Getting real used to Linda’s eye-rolls at my bad jokes now that we are both retired and spending extra time together. I will get more than an eye roll if I go down in the heat again so I better keep on her good side. To answer the question in regards to today’s featured feathered friend, it is a Yellow-Billed variety. Not a new bird to the blog as it was already featured first back in 2015 (link here) and again in 2018 (link here). For a bird I saw for the first time only 6 years ago, I am surprised how often I’ve encountered it this year. Wondering if I’m just getting lucky on our expeditions or if there is an explosion of sorts in their population. This particular series comes to you from Dauphin Island – went ahead and processed these when I saw them while working up the Fish Crows in the last post.
Hit the jump to see a few more shots from our brief encounter.
Good news for my readers, I’m on the road again. Just a weekend jaunt this time, but good for a couple long drives to and from which means time to get a post or two out. A relief as things have been tight as of late with training and haunted trail builds. Coming at you with something fresh today – extremely fresh for those that know how things usually go at Intrigued! Mentioned it a few posts back, but we had the opportunity to head down to Dauphin Island, Alabama for our second expedition in April. Have to give Linda full credit for that destination decision. She had done some research and learned that Dauphin was a popular migration birding destination and mentioned it a few times as a possible destination. This option was met with a healthy dose of skepticism. I had never heard of the place and well, seemed strange as I consider myself a bit of a birder. Boy was I WRONG (that admission will forevermore be referenced I am sure ha). Dauphin Island is absolutely fantastic for those enamored by feathers and beaks. Beyond that – not exactly sure what else you would do there as access to the beaches/shores on that island is surprisingly limited. To put it into perspective, I went at least +23 for the trip and almost all of that was on the island itself. Due to well established birding rules between Ron and I, the counter cannot increment until they are featured on the blog. For the astute you can read that as at least 23 posts coming your way. I’ll elaborate more on this incredible island as we make our way through those new birds. Until then, definitely a place to Crow about!
Speaking of Crows — as the first post from the island, we are going to focus on this rather mundane looking black bird. As bland as it may look from the onset, it made me as happy as the most colorful Warbler down there the day Ron and I spotted it. If you’ve been just about anywhere in the US you’ve probably encountered an American Crow. Smaller than their Raven counterparts, the American Crow can still tower over many of our more common NA birds. Problem is they know it and are quite pushy if they mingle with other species.
Hmmm, maybe this isn’t your standard Crow, hit the jump to find out.
Greetings all! May was a busy month around here at Intrigued and June is looking to be more of the same. I have a 50K ultra trail coming up the first week of July – a bid for redemption as the first go around at this race two years ago put me in the emergency room (link here). I don’t do well with failure and need to get this only blemish on my racing career addressed. Hopefully they’ve learned not to put box fans out in the open at the aid stations ha. Although it may not have seemed like it from the wildlife side of Intrigued, but May was also a big month for posting – especially on the mothership. As mentioned in one of those posts, the BARwW Consortium (Birds Are Rats with Wings) was blasting my inbox with hate mail tired of all the feathers. Decided to finally address it with a number of posts up there which included a running post (holy crap finally had a REAL RACE link here) and several Halloween posts after that. While gathering up the images for those posts, noticed this in my cell phone gallery.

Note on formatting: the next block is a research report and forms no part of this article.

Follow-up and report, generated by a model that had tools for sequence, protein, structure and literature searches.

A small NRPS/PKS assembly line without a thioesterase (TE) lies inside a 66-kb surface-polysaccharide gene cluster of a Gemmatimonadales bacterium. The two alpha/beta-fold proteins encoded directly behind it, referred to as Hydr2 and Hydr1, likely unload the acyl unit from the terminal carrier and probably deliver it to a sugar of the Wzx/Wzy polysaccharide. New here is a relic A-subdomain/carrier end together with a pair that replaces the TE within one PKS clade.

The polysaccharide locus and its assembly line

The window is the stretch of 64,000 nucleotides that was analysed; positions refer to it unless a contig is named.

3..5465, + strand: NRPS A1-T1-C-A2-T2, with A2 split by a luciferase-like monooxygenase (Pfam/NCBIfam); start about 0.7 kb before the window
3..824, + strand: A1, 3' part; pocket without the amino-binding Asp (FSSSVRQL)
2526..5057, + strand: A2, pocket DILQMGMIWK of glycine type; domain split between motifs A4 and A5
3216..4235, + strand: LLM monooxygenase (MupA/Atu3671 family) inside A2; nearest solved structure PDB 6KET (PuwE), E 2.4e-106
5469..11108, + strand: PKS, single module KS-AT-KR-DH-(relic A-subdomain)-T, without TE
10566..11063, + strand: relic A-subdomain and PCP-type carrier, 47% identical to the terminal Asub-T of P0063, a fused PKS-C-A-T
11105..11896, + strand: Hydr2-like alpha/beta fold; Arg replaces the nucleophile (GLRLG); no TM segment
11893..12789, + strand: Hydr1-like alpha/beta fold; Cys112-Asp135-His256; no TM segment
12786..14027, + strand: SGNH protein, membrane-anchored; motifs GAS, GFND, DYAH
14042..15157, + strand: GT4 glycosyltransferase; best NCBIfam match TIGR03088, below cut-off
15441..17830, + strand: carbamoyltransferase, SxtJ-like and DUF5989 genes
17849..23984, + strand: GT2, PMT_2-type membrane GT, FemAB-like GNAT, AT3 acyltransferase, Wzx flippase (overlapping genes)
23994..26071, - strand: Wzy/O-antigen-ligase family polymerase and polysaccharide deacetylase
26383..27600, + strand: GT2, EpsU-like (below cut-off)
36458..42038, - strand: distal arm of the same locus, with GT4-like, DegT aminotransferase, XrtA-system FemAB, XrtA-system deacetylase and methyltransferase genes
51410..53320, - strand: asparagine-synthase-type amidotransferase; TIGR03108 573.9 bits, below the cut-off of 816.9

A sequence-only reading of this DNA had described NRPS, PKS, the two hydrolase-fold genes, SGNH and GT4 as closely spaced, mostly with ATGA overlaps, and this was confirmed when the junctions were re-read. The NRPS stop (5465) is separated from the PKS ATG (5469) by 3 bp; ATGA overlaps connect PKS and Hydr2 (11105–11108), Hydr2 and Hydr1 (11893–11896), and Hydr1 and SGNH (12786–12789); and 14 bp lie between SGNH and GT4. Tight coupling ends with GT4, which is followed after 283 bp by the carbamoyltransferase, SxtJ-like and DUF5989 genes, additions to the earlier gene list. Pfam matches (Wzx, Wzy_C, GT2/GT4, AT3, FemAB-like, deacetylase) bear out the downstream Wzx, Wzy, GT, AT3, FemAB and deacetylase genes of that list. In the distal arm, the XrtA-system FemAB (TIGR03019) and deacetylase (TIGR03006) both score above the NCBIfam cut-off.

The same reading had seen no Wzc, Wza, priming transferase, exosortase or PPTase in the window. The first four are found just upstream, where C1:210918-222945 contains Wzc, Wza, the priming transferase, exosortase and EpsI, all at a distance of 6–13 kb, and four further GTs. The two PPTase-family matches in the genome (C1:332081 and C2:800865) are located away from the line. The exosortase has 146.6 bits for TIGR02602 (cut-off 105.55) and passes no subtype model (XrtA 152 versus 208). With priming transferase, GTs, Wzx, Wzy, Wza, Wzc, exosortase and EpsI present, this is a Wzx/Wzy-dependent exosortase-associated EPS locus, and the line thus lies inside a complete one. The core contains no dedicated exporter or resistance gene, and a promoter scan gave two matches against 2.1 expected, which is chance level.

This prehistoric specimen decided to visit us back in May 2019. Every so often during the rainy season the wash will push the Turtles out of our ravines up to higher ground. I’ve made a few posts on our previous visitors (link here and here). This one was significantly younger than the other visits – younger being relative for a creature than has a wild lifespan from 30 to 45 years.
Hit the jump to read more about our country critters.
Unfortunately, I am late on this particular post. It isn’t so much a case of procrastination as I had written the first version prior to Monday. During the course of several activities over the weekend (including birding with Ron), I mulled on the approach I had taken and the words written regarding the topic. Thoughts went back and forth until the time came to publish and I decided to scrap it. I still hold firmly the opinions originally expressed, but decided Memorial Day was a time to honor those that have fought for our freedoms and principles at home and abroad rather than sully it with accounts of worthless politicians and seditious mainstream media.
Instead, I wanted to focus on the brave men and women who volunteered or were called to duty like my Father to defend our nation’s founding principles. To all who have or are serving we owe a level of gratitude that can never be repaid. I would contend that all have been permanently altered to some degree by their experiences. My father would not discuss what he went through during his time in the Army deployed during the Korean War. Piecing together tidbits gathered over my lifetime – a photograph here, a rare comment there or an emotion that momentarily forced its way through his stoic facade weave a tale no one would wish upon their child.